The Funk Teacher

Mothership Connection


Derrick May famously described Detroit techno as "like George Clinton and Kraftwerk stuck in an elevator," and the P-Funk maestro's debt transfers to all that follow. Not least Daft Punk George Clinton is one of the names mentioned on Homework's "Teachers" that non-DJ-followers are likely to know, and the French duo remixed Scott Grooves's 1998 "Mothership Reconnection," a cut-up of the live P-Funk album. Mothership Connection itself, from 1976, remains as cosmic as funk (or dance music) gets, and as teasing. Clinton enters first as an interplanetary radio DJ and then settles into the role of Star Child, friendly alien leader and/or Jesus figure ("Partying on the Mothership/ When Gabriel's horn blows, you'd better be ready to go"), who defeats the "Unfunky UFOs" with the titanic "Give Up the Funk." Boom a cosmology is born.

The Chicago House Teacher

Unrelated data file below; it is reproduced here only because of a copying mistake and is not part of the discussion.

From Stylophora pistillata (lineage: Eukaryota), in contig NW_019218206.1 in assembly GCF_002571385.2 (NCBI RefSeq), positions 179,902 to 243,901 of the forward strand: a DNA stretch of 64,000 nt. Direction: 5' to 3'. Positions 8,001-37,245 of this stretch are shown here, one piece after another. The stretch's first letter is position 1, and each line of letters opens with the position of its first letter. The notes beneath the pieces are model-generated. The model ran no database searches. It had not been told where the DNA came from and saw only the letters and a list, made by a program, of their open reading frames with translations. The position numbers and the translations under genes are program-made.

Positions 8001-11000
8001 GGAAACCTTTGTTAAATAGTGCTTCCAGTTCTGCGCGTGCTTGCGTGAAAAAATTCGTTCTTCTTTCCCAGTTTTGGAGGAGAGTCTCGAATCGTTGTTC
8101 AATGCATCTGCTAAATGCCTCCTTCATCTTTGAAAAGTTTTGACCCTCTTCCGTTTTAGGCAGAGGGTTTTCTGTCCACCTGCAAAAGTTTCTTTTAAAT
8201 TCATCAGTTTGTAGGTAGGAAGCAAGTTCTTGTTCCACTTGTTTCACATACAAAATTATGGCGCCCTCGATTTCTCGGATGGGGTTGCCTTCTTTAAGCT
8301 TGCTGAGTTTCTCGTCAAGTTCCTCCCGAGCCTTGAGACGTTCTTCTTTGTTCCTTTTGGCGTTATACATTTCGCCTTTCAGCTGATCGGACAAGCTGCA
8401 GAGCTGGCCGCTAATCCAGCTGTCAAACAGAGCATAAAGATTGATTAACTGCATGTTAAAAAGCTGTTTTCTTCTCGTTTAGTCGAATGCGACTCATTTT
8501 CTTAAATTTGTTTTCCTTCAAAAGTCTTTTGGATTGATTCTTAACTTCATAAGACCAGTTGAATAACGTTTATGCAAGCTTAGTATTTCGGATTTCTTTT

Born Carlos Sosa in Chicago, DJ Sneak is the man who brought house music all the way back to disco in the mid '90s. He was the major mover behind the filter-disco sound of the period exactly what it sounds like, loops and samples of disco classics sent through a low-pass filter to sound like they're going in and out of aural focus, over buoyant tracks engineered with crystal precision thanks to tracks like 1995's "You Can't Hide From Your Bud" and DJ mix-CDs like 1997's Buggin' Da Beats, for Moonshine. If you're going to have exactly one mode, being able to start a party at will is a good one to have. Back in the Box isn't a collection of Sneak's greatest hits he gets artist credit on only two tracks here, "You Can't Hide" and "All Over My Face 08," which is exactly what the title says, an updated sample-slaw of Loose Joints' Arthur Russell-produced monomaniac's delight, "Is It All Over My Face?" (1979). Sneak's got such a sure touch that even this hoary idea becomes nimble in fact. Box is instead a two-CD DJ mix that in this digital version offers each of its individual tracks uncut nearly three-and-a-half hours of material as well as the full mixes, presented in single tracks. Whatever their order, these 27 selections offer a back-alley history of Chicago house and its many global tributaries. Local gems like Cajmere ft. Dajae's "Brighter Days" and Paul Johnson's slinky "Hit It Up" cut gospel uplift with raw sonics; Blak 'n' Spanish's fierce "Call Da Vibe" offers a textbook definition of a track, as opposed to a song; and the French especially show out, with Homework-era classics from Fantom, Bob Sinclar, and remixing I:Cube Daft Punk themselves.